In Kenya, for example, more than 20,000 Kenyans in the Garissa and Turkana counties, home to the Dadaab and Kakuma camps, were forced to abandon their communities because of drought. Tensions between refugees and security forces within the camps, and between refugees and host communities, are expected to rise. There is no easy solution to the problem. The closure of the Dadaab camp – a less likely scenario, at least for now – and the repatriation of Somali refugees would bring substantial humanitarian and security risks.
In Kakuma, tensions between refugees – who are not legally allowed to work – and local communities are recurrent. Another settlement, Kalobeyei, was created in 2016, based on an integrated development strategy. It attempts to integrate refugees and local communities, providing nondiscriminatory service for both. Despite its good intentions, the 14-year project, funded by the European Union and implemented by the UN, clearly points away from gradual repatriation. Tensions between the NGOs running the camp and the Kenyan government over sovereignty and refugees’ rights are expected to worsen, which could start to weigh on the country’s refugee policies.
In Uganda, the huge number of South Sudanese refugees may increase the potential for conflict in the long run. The high risks of returning to South Sudan and Uganda’s refugee-friendly policies will likely encourage long-term settlements. However, refugees are not allowed to own the land they are given, nor to become Ugandan citizens. With land becoming scarcer, conflicts could erupt.
Africa’s humanitarian crisis will have deep, long-lasting effects and continue to test the limits of international humanitarian aid systems. As pragmatism replaces value-driven politics and traditional donors become increasingly focused on domestic issues, aid will need to become less bureaucratic, more flexible and more efficient.
Famine and food insecurity in sub-Saharan Africa
About 7.5% of the global population over 15 years of age experienced severe food insecurity in 2014-2015. In sub-Saharan Africa, this number reached 26%, according to the UN’s Food and Agriculture Organization (FAO).
Some 16 million people needed emergency humanitarian assistance in Lesotho, Madagascar, Malawi, Mozambique, Swaziland, Zambia and Zimbabwe as of early 2017, according to the World Food Programme (WFP).
More than 17 million people in the region are classified by the FAO as food-insecure and in need of food assistance. While global prices of wheat and maize have been stable, the food price index for East Africa has more than doubled over the past year. In some parts of Ethiopia, Kenya, Somalia, South Sudan, Uganda and Tanzania, staple cereals prices have reached record and near-record levels.
In Somalia, some 100,000 people are at imminent risk of death by starvation, 1 million are on the brink of famine and 4.9 million (representing about 45% of the country’s population) are severely food insecure. In 2011, famine killed 260,000 in Somalia. Settlements for displaced people were among the worst affected: in the Afgooye corridor refugee settlement and in camps for displaced people in Mogadishu, 17% of the children under five years old died. In 2017, 6.2 million Somalis need humanitarian assistance, including 2.9 million who require immediate food aid. (FAO, UN)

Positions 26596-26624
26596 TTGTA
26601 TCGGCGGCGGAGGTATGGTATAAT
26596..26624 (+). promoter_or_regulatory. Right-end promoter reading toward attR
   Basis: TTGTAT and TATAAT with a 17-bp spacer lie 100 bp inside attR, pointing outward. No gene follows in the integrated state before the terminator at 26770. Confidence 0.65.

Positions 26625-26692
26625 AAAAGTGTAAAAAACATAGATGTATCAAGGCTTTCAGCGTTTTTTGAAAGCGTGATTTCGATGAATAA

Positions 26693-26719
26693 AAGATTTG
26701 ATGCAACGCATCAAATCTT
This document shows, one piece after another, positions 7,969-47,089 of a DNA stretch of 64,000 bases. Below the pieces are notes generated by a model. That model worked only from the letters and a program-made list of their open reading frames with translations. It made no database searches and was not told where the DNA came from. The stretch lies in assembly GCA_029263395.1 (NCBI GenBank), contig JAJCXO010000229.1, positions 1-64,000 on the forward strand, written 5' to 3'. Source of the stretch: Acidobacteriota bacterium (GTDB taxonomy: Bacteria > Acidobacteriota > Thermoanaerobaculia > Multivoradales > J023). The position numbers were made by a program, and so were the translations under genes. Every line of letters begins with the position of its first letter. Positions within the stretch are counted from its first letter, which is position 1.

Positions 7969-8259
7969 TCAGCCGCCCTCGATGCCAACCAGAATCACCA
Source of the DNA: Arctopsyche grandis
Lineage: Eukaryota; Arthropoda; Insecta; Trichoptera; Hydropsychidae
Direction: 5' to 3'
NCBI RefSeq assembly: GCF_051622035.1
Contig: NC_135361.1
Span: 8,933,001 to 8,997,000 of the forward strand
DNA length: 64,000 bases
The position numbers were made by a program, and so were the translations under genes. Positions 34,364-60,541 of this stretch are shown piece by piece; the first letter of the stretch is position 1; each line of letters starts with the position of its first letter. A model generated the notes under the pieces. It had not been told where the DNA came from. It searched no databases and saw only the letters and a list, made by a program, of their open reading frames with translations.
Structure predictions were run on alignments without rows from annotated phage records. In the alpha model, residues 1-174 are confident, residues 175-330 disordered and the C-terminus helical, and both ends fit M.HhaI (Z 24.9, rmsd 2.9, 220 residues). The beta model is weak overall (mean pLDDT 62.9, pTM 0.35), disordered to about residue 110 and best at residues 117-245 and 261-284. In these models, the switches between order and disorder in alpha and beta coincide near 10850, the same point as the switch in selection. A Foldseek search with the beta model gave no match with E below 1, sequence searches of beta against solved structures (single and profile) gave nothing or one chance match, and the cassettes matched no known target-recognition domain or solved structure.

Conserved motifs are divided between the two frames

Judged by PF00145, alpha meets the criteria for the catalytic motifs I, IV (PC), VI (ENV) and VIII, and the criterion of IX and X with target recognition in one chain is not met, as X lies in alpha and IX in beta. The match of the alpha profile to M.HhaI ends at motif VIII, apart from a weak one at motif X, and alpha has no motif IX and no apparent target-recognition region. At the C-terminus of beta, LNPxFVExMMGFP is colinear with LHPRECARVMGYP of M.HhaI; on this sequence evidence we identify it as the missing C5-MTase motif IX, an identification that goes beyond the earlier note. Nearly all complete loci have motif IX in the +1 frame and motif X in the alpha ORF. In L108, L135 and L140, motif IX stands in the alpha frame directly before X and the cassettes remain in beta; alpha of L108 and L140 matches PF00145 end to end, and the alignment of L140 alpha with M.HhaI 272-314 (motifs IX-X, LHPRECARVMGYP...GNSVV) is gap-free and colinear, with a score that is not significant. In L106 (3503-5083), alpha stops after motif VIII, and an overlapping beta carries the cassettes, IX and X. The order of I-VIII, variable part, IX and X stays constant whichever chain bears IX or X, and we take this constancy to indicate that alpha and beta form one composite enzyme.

In Kenya, the number of people in need of emergency food assistance has doubled in recent months, reaching 3 million. 340,000 children under the age of five are acutely malnourished (Kenya Red Cross). The Kenyan government announced that the number of people in need of assistance could increase to 4 million. Northern counties are the worst hit by food shortages. Some 30,000 people and 180,000 cattle from Kenya and South Sudan have migrated to Uganda in search of water and pastures in 2017. (UN Office for the Coordination of Humanitarian Affairs, OCHA)
Lake Chad Basin
Some 7.1 million people live under crisis and emergency levels of food insecurity across Cameroon, Chad, Niger and Nigeria, while 1.8 million people are at risk of starvation. In Nigeria, 5.1 million people will experience food insecurity if they do not receive support from humanitarian organizations in 2017. More than 4.8 million people are in urgent need of food assistance. (WFP, FAO, OCHA)
Refugees and displaced people in Africa
For most adult refugees and displaced people, it is virtually impossible to work; for children, the risk of being out of school increases fivefold.
The Dadaab refugee complex in Garissa County, Kenya, hosts a total of 343,043 refugees in five camps, the vast majority of them from Somalia. About 43,000 of the camp residents are Kenyans who ended up enrolling as refugees to access food benefits and basic services. The Kakuma refugee camp hosts an estimated 165,000 refugees and asylum seekers, which represent 15% of the population in Turkana County. Since November 2016, 438,000 people have been displaced in Somalia. In March 2017, the number of new drought-driven displacements is more than 187,000. Almost 10% of the population in Somalia live in internally displaced camps and 26% are nomadic. (UNHCR, Population Estimation Survey for Somalia, 2015)
Lake Chad Region
Some 2,635,000 people are now displaced in the Lake Chad Region, both internally and across borders as refugees. About 82% of them are in Nigeria, 9% in Cameroon, 6% in Niger, and 3% in Chad. An estimated 62% of the displaced are under 18 and the great majority of displaced households (87%) have children. Northeastern Nigeria is the worst-hit area. About 1.8 million Nigerians are internally displaced, while 200,000 have fled to Cameroon, Chad and Niger. In Maiduguri, the capital of Borno state, the population has more than doubled to 2 million. Boko Haram violence has displaced 200,000 people in Cameroon, a country that hosts over 500,000 refugees, mostly from the Central African Republic and Nigeria. (UN, IOM, OCHA)